Rethinking the Filibuster

Right From the Start

In Monday’s edition of the Wall Street Journal Rep. Andy Biggs (R-AZ) called for the elimination of the filibuster in the United States Senate. Mr. Biggs may want to rethink his position although his complaints are absolutely valid.

Mr. Biggs served in the Arizona Legislature for nearly fourteen years – first as a state representative and then as a state senator including a stint as President of the Arizona Senate. During that time the Arizona Legislature was under the firm control of Republicans – both the House and the Senate, and generally by healthy majorities. Never having been in the minority, Mr. Biggs never experienced the “tyranny of the majority.” (Well, Republicans did have to suffer the six years of Gov. Janet Napolitano (D-AZ) but they still controlled the legislature.) In marked contrast, the minority Arizona Democrats would sell other people’s children for a way to stop or slow down the conservative tide that defines Arizona. (Liberals always want to use other people’s money, property and, probably, children, to advance their great ideas.)

Arizona does not have a “filibuster” provision. From Mr. Biggs’ standpoint in the majority that was unnecessary. Unlike congressional Republicans, Arizona state legislative Republicans seem to be able to find common ground with only minor debate and disagreement. That’s probably due to the fact that in Arizona the concept of “citizen legislator” leans heavily towards “citizen” while in Congress, that whole concept has been abandoned in favor of “princes of the realm” – royalty – whose every thought and deed so far exceeds the understanding of the masses that they have come to ignore them out of a sense of noblesse oblige.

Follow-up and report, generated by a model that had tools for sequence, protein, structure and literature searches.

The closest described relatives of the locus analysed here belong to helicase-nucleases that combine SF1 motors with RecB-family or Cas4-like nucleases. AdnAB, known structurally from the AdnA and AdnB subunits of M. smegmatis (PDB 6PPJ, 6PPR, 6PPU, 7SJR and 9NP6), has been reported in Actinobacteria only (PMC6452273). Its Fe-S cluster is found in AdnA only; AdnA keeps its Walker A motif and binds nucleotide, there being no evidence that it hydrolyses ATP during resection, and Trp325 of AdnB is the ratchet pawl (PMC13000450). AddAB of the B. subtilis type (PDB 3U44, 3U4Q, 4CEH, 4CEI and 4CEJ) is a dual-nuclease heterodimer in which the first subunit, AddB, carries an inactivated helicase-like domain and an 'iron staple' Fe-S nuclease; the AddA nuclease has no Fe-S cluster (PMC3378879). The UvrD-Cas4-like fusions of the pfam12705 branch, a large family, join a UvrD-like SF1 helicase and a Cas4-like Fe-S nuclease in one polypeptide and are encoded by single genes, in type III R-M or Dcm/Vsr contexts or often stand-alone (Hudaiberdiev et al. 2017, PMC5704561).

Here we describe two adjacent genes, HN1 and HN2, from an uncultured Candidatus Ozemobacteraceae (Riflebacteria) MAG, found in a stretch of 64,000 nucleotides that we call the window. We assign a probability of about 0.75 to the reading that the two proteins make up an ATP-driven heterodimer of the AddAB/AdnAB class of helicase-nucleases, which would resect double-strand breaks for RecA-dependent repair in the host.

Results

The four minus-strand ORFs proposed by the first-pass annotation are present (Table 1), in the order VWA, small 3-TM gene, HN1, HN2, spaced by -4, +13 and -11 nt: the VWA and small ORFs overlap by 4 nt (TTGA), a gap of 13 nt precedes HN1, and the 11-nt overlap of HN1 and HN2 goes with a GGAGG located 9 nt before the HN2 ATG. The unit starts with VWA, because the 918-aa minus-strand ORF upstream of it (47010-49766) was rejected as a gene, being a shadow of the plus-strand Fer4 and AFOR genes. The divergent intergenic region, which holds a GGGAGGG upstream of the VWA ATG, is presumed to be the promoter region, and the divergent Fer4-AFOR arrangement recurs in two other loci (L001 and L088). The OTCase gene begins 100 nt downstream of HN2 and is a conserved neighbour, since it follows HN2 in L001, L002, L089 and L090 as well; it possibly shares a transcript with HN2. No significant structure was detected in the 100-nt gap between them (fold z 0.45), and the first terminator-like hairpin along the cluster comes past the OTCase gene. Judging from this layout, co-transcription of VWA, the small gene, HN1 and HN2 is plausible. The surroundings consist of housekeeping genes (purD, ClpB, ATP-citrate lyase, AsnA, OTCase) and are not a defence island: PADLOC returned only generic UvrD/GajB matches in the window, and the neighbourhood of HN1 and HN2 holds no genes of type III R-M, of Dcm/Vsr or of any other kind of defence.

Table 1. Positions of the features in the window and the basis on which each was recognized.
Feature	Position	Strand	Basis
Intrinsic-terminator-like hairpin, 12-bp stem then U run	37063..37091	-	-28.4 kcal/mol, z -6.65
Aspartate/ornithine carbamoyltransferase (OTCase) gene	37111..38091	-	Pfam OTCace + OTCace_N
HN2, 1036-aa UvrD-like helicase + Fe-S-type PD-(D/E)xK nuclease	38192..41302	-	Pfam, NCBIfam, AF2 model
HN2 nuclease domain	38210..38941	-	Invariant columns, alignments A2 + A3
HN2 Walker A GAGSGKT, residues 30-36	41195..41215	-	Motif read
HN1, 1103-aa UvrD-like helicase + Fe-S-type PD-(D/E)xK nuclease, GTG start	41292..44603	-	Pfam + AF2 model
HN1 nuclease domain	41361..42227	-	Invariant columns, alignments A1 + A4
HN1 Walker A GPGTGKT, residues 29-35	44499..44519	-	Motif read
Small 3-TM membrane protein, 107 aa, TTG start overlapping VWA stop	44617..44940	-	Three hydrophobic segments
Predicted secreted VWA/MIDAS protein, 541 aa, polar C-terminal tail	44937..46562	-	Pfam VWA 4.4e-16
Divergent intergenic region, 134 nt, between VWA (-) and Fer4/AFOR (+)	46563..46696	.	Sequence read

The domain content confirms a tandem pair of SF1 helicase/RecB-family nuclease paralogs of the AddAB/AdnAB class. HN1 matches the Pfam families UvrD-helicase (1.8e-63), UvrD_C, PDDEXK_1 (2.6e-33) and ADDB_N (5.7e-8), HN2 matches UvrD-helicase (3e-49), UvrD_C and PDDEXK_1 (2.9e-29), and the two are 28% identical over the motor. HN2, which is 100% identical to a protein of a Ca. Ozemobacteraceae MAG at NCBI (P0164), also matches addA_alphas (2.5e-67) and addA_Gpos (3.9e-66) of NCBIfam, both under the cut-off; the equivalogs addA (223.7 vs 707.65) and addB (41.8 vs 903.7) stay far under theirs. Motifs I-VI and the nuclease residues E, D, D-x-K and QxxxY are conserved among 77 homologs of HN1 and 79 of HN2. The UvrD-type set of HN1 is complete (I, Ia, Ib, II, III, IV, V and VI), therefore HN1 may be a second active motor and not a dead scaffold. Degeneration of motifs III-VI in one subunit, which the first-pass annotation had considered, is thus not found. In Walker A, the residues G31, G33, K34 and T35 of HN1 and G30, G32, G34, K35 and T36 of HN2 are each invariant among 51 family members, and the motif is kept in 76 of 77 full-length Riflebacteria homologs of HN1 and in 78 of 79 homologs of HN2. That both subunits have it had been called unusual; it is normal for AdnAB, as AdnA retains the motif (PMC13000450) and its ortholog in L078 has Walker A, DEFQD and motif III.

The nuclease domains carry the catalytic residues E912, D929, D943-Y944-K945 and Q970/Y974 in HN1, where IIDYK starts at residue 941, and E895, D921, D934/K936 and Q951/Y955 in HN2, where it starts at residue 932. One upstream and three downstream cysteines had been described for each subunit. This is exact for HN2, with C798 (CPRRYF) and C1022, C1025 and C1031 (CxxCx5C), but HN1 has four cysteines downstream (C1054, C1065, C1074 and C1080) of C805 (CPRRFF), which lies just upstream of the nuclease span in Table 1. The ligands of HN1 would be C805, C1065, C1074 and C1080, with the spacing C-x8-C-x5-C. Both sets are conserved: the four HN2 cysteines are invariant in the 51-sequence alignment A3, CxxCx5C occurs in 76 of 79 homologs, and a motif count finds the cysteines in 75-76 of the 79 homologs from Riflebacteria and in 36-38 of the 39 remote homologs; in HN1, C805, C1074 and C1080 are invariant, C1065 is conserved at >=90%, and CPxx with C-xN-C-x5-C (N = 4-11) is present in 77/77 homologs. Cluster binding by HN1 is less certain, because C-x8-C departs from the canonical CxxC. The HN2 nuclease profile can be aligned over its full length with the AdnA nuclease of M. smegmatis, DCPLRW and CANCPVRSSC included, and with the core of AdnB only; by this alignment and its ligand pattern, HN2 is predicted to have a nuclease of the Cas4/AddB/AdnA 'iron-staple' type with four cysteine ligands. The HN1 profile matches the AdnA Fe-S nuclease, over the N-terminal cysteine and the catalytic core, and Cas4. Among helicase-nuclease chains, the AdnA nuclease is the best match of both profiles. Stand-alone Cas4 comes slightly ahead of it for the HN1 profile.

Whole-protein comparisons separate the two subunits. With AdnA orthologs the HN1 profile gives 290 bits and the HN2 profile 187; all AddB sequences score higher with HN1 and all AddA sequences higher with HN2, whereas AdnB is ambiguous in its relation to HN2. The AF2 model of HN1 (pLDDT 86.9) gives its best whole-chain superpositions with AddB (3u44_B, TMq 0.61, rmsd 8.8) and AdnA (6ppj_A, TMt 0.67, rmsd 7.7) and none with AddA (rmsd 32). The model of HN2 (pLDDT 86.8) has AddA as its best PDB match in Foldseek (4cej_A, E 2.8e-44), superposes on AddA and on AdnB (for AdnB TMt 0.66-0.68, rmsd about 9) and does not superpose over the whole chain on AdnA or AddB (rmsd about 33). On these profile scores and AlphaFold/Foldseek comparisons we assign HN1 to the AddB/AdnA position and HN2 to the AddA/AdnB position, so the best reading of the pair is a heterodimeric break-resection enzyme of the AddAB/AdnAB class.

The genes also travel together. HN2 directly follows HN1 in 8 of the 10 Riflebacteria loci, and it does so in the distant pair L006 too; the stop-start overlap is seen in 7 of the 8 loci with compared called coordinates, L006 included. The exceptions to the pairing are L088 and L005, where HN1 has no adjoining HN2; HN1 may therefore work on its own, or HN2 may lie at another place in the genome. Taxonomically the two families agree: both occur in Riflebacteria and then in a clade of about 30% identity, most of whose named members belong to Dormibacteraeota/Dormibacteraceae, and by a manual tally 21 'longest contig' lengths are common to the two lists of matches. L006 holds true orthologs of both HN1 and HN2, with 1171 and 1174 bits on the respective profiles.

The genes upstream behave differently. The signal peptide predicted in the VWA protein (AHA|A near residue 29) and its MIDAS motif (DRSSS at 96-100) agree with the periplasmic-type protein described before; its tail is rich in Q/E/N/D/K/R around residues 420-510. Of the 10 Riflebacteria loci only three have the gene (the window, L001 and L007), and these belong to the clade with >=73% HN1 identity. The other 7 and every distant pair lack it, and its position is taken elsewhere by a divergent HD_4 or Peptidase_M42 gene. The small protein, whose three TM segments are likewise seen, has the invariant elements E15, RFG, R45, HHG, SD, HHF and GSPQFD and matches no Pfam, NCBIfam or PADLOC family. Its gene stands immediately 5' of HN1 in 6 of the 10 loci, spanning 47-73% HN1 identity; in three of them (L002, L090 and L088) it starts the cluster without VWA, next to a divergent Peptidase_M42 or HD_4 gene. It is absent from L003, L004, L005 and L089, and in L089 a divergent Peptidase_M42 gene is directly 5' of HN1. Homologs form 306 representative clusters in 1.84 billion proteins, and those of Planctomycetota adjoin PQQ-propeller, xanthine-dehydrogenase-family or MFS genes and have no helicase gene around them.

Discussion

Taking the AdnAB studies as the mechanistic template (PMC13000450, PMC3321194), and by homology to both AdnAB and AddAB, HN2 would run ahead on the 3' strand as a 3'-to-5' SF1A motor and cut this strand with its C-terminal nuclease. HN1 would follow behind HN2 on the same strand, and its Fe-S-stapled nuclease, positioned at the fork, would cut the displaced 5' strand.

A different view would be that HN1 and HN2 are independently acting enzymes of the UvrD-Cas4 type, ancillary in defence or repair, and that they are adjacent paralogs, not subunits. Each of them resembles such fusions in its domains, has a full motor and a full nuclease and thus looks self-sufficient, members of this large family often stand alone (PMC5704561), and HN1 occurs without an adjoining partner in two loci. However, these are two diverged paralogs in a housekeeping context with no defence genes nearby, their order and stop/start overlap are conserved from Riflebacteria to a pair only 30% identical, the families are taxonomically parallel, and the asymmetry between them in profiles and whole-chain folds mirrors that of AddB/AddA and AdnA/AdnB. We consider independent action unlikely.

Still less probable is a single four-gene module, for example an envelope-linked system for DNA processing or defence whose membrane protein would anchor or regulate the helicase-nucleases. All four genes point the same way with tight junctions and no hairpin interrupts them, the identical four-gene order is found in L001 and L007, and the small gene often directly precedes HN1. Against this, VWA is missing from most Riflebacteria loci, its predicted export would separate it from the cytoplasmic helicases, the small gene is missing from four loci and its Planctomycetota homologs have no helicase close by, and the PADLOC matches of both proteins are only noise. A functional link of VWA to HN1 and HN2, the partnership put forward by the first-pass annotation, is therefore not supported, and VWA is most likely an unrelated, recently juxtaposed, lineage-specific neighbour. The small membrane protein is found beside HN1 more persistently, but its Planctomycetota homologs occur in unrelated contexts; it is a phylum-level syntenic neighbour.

And while the Republican have maintained control of Congress for the last four years, that is a recent – and probably temporary – occurrence given that the Republicans have broken faith with those who elected them by failing to do anything constructive – repeal Obamacare, enact substantive tax reform, balance the budget and reduce the national debt. When the tables are turned and the Democrats have returned to control, you can assume that it will look exactly as it did in 2009-10 when they rammed Obamacare without a single Republican vote and without a single Democrat having read the bill. The filibuster may be the only tool available to stem the liberal/progressive agenda.

But returning to Mr. Biggs. He commented:

“The filibuster forces the majority into awkward legislative maneuvers. Take the GOP’s plan to repeal and replace ObamaCare through the Senate’s reconciliation process. The way it works that once a budget is passed, a follow-up bill gets once chance to be reconciled in the Senate with only 51 votes. So first the House had to pass a faux budget, to make reconciliation available. Then House leaders tried to stuff as much ObamaCare replacement in one bill as they thought Senate rules would allow. The result of these wild procedural manipulations was a legislative train wreck that – at least temporarily has halted progress toward the central Republican goal.”